Influence of Image Metrics When Assessing Image Quality from a Test Object in Cardiac X-ray Systems: Part II
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The images generated in modern IC laboratories are created with high-quality standard (1,024 × 1,024 pixels and 10–12 bits/pixel) enabling cardiologists to perform interventions in the best conditions. But these images are in most of the cases archived in a basic quality standard (512 × 512 pixels and 8 bits/pixel). The purpose of this work is to complete the research developed in a previous paper and analyze the influence of the matrix size and the bit depth reduction on the image quality acquired on a polymethylmethacrylate (PMMA) phantom with a test object. The variation in contrast-to-noise ratio (CNR) and high contrast spatial resolution (HCSR) were investigated when the matrix size and the bit depth were independently modified for different phantom thicknesses. These two image quality parameters did not suffer noticeable alterations under bits depth reduction from 10 to 8 bits. Such a result seems to imply that bits depth reduction could be used to reduce file sizes with a suitable algorithm and without losing perceptible image quality information. But when the matrix size was reduced from 1,024 × 1,024 to 512 × 512 pixels, a reduction from 17% to 25% in HCSR was noticed when changing phantom thickness, and an increase of 27% in CNR was observed. These findings should be taken into account and it would be wise to conduct further investigations in the field of clinical images.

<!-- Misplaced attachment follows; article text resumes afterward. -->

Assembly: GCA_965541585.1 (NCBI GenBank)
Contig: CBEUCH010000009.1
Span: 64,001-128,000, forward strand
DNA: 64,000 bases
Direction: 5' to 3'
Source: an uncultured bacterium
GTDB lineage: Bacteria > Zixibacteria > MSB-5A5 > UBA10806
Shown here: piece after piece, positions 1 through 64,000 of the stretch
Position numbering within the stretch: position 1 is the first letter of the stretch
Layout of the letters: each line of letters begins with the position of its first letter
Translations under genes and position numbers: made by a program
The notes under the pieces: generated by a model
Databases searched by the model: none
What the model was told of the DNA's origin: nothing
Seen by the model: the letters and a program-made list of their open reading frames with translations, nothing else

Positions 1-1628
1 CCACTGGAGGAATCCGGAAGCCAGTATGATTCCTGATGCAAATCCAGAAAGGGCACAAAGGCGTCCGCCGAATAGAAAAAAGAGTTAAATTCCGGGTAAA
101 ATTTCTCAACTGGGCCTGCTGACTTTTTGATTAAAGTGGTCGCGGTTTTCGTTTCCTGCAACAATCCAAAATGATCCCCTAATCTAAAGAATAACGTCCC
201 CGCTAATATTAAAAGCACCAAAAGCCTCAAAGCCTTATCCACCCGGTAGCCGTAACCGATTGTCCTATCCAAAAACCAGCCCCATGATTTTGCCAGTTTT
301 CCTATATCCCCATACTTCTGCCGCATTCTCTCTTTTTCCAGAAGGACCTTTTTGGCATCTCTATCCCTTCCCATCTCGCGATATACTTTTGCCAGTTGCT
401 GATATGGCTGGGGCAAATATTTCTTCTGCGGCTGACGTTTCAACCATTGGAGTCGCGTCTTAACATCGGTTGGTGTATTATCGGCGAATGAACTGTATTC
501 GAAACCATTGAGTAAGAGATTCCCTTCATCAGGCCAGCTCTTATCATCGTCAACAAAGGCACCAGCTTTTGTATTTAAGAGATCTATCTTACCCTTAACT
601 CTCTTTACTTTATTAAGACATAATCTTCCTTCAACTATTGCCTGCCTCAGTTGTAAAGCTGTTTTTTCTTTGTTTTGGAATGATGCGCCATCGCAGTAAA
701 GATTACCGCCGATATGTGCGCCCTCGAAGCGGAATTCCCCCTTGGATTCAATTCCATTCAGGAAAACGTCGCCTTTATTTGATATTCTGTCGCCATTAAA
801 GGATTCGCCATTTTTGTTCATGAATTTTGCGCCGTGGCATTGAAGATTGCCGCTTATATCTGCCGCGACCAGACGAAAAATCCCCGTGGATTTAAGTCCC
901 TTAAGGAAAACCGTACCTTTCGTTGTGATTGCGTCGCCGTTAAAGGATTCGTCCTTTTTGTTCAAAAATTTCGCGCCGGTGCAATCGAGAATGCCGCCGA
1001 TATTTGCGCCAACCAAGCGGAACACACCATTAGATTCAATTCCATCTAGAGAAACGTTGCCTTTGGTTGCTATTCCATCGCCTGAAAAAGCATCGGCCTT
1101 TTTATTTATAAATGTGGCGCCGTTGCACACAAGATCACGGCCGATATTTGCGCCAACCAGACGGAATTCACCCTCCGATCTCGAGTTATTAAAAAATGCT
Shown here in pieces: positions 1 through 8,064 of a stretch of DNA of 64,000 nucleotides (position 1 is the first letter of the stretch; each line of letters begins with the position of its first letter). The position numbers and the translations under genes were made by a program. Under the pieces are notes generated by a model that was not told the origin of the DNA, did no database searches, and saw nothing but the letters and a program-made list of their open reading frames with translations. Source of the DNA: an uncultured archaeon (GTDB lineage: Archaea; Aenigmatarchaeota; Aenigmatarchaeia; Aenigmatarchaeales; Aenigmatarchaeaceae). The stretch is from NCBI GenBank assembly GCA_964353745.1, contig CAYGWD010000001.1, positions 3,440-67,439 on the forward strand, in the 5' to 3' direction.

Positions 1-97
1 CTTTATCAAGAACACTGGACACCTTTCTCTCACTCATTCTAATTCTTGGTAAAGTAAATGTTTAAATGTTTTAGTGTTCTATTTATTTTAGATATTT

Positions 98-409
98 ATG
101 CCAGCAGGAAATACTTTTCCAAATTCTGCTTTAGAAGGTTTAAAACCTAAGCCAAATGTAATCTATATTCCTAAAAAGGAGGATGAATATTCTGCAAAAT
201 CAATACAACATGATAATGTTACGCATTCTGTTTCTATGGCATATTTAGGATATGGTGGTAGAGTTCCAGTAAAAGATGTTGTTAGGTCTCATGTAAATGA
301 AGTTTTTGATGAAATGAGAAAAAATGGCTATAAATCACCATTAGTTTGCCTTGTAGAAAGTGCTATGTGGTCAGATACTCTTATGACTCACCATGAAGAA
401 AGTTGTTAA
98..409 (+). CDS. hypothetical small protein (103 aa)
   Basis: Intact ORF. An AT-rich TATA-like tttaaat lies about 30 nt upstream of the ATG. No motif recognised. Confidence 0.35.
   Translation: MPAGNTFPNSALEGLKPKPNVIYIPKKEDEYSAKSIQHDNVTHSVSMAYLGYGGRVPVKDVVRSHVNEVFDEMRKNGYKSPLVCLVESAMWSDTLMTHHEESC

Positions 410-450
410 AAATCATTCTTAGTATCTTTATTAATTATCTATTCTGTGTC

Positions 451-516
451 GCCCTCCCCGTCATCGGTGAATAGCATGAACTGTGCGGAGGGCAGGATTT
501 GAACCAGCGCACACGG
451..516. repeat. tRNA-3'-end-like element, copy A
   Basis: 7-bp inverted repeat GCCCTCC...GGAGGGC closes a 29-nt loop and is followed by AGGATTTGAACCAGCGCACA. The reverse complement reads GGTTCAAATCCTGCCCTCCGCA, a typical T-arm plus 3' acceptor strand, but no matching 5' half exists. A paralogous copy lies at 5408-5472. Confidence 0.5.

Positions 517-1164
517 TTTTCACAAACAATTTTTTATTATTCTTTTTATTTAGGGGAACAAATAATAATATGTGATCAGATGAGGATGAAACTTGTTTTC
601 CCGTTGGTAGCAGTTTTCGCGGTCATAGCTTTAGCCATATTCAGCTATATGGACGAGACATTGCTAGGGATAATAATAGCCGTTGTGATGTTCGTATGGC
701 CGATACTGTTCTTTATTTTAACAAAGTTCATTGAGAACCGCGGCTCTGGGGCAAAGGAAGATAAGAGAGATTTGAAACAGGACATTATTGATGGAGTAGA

KeywordsImage quality Test object Matrix size Bits depth Image metrics Cardiology
The authors acknowledge the support of the Spanish grant SAF2009-10485 (Ministry of Science and Innovation). One of the authors (CU) acknowledges the support of the Direction of Research at Tarapaca University through senior research project No. 7713-10.
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